Tonight was my second night at the Unofficial Rice writing circle. So far, this has been a great addition to my summer. It has been so long since I’ve attended a real workshop and even longer since I’ve had a workshopping group that has met on a regular basis. Not to mention, they have the perfect balance of both warm and fuzzies and honest critiques. Because they back up whatever they have to say from the text is discussed, I trust them completely.
But tonight as I was sitting there on the couch, my mind began to wander. I realized that my editing style has changed over the past year, maybe even over the past six months. I think the change started to occur last Christmas break when my duties as Fiction Editor for Rice’s literary magazine, R2: The Rice Review, truly started. I read all of the fiction submissions in a period of about two weeks. It was a wonderful assignment for me. I love reading new work and I rarely get the chance. But on the other hand, this assignment did have painful sides to it. First of all, I couldn’t reveal anything about these pieces of fiction to anyone; it would be unfair and disrespectful to the authors. As someone who has been helping friends with their writing for years, it was also difficult to put my red pen down and just read. It pained me to know that I couldn’t give any tips to these writers as to how to fix these pieces. Instead all these critical comments built up inside of me.
By the end of winter break I finished reading the submissions, wrote down my opinions, and came back to Rice. Then we had to narrow down the huge pile of entries to just 6-7 for actual publication. This is when any and all of those negative comments came out of hiding. During discussion, I would blurt them out for the greater editorial board’s consideration. Before this experience, it would have pained me to say these things aloud, to be so critical without any balancing compliments. Now I began to see that my harsh criticism was more helpful to get the job done. And then to really hammer the point home, I also interned at a small press last semester where I helped with submissions. I learned quickly that the same principle applied: if I had more negative comments than positives within a few pages, then I should place the manuscript in the “No” pile and move on. It was the only way to move through the looming pile of unsolicited submissions.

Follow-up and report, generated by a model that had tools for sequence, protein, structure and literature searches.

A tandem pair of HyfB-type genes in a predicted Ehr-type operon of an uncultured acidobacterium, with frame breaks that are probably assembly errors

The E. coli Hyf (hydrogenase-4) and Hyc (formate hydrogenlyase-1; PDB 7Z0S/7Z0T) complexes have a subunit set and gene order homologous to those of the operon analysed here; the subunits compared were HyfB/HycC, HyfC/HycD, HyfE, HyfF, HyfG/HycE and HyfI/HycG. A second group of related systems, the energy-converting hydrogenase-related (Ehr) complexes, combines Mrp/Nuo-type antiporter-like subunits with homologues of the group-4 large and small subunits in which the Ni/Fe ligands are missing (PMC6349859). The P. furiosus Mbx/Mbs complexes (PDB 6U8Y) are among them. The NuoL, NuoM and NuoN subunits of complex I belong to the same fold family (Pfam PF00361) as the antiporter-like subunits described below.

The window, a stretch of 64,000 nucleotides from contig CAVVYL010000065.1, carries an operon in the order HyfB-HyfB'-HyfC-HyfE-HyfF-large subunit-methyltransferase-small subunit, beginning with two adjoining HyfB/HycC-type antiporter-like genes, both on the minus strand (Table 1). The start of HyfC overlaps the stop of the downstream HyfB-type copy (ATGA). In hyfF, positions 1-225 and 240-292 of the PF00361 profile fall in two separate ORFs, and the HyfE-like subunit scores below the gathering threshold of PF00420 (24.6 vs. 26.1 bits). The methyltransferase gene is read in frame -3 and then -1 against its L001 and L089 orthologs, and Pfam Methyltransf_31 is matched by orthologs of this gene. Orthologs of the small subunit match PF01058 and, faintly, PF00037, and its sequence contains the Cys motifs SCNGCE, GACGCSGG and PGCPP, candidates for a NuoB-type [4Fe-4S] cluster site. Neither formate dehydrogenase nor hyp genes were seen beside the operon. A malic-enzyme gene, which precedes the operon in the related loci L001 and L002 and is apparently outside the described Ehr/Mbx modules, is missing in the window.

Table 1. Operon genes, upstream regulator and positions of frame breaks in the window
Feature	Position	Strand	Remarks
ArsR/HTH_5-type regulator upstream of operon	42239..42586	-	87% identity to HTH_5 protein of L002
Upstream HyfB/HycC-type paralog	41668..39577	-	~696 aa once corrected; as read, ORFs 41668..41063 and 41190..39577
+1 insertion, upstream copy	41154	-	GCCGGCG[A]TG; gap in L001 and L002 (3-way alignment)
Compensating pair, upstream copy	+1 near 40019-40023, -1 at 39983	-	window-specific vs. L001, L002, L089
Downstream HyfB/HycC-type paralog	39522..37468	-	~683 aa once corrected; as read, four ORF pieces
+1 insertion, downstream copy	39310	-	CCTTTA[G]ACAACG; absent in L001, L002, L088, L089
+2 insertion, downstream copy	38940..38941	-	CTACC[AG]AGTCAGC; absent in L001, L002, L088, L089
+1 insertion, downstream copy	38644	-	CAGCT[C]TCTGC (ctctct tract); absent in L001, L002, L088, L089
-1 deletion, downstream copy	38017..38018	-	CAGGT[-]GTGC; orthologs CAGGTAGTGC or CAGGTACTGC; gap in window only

In the end, this post is an apology for the members of my new, supportive writing group. I feel as if my comments on each Google Document tend toward the constructive criticism as opposed to the confidence-boosting comments. I’m not quite the same sweet girl who used to critique her best friend’s essays in elementary and middle school. But at the same time, this isn’t an apology. As I have learned from my time in the writing community, gathering proposed revisions and honest feedback is more valuable than collecting compliments. The writer should learn to recognize the polished, brilliant parts of the writing–the moments that glow–on their own. If it feels right, then it probably needs to be protected in subsequent drafts. It’s the rough patches that a writer can’t always define or confront without the help of someone else.
Thank you summer writing workshop for the heart-warming comments, but thank you even more for telling me where the dialogue becomes stiff and for asking the hard questions about my characters’ actions. They will make me a better writer.